In A Red Carol, Ebenezer Scrooge is a corporate banker, busy foreclosing on the hapless masses. ?Bob Cratchit and his beleaguered family live in a chilly tent in an anonymous homeless encampment. The ghost of Christmas future sports a flowing black robe of taped-together trash bags and plastic sheeting. Tiny Tim dies. At least that's how the SF Mime Troupe's resident playwright, Michael Gene Sullivan, has reimagined A Red Carol for the troubled 21st century.

The idea for Sullivan's production speaks right to Dickens' main concern - the limitations inherent in modern capitalism - for a new time. The ghost of Christmas past still reminds Scrooge of the man he was and the paths he, sadly, did not choose. The ghost of Christmas present underscores the hard lives of the 99 percent - and the miserly banker's part in making them so. And the ghost of Christmas future still offers fear and the promise of redemption.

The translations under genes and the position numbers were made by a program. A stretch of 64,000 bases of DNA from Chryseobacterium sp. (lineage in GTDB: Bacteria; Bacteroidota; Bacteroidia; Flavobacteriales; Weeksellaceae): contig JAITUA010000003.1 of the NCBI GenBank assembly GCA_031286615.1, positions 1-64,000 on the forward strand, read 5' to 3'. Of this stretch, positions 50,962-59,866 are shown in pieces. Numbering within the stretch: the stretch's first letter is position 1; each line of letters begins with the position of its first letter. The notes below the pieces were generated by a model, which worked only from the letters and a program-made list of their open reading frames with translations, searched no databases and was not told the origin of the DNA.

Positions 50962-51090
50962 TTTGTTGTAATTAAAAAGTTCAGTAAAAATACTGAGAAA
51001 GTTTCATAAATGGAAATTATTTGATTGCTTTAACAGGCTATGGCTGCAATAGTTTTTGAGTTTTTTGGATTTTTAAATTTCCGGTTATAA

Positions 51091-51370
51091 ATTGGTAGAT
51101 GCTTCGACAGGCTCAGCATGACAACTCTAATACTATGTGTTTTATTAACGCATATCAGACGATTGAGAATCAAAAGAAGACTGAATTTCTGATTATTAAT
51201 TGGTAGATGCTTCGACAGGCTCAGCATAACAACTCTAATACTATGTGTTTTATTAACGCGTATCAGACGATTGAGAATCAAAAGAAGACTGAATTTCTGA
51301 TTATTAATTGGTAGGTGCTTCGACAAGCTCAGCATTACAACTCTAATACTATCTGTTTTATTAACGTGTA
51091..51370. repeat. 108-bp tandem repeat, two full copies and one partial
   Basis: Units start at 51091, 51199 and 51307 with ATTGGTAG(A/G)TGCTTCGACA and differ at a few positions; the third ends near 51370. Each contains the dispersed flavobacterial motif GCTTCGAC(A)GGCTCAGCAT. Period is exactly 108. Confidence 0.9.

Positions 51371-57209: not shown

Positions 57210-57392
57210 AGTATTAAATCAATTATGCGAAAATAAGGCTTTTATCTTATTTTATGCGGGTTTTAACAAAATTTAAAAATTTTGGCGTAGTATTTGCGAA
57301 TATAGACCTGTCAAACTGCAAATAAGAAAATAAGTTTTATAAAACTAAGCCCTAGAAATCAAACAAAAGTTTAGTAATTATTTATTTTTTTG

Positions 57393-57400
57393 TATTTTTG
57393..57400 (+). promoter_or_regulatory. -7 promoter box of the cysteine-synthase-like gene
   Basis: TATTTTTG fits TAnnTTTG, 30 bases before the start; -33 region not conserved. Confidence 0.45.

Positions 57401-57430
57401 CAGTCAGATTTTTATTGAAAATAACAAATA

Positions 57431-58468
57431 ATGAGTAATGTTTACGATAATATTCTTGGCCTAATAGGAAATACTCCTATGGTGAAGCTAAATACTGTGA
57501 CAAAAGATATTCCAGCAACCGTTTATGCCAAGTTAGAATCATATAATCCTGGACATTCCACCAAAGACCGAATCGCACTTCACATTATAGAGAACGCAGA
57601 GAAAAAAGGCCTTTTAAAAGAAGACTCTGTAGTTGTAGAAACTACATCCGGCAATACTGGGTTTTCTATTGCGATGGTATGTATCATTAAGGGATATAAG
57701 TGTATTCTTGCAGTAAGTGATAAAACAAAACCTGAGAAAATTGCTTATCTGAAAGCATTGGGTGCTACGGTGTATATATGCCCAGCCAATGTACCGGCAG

But the tale is leavened with labor songs, and the normally mild Bob Cratchit is an angry man. "People always think this story is about you," he tells Scrooge. "Just you ... the one evil man! And if you change - everything is different, the world is transformed." Then Cratchit delivers Sullivan's message. It is an updated version of Dickens' too: "It ain't you ... it's the idea of you that's killin' us," Cratchit tells Scrooge. "It's steppin' over the hungry and homeless to buy (things) we don't need that's killin' us. It's lettin' them turn our government into a casino that's killin' us!..."It ain't about you," Cratchit says. "It's about us."

A Christmas Carol" has become "the closest thing to a modern myth that we have. It wasn't much of a stretch to place Charles Dickens' Victorian classic into today's Covid-19 world. And that, as Sullivan would be the first to tell you, is exactly the point. Dickens' novella was written in the heart of the "Hungry '40s," a time of labor unrest, unemployment and starvation across 19th-century Europe. ?The gap between rich and poor was wide - and getting ever wider.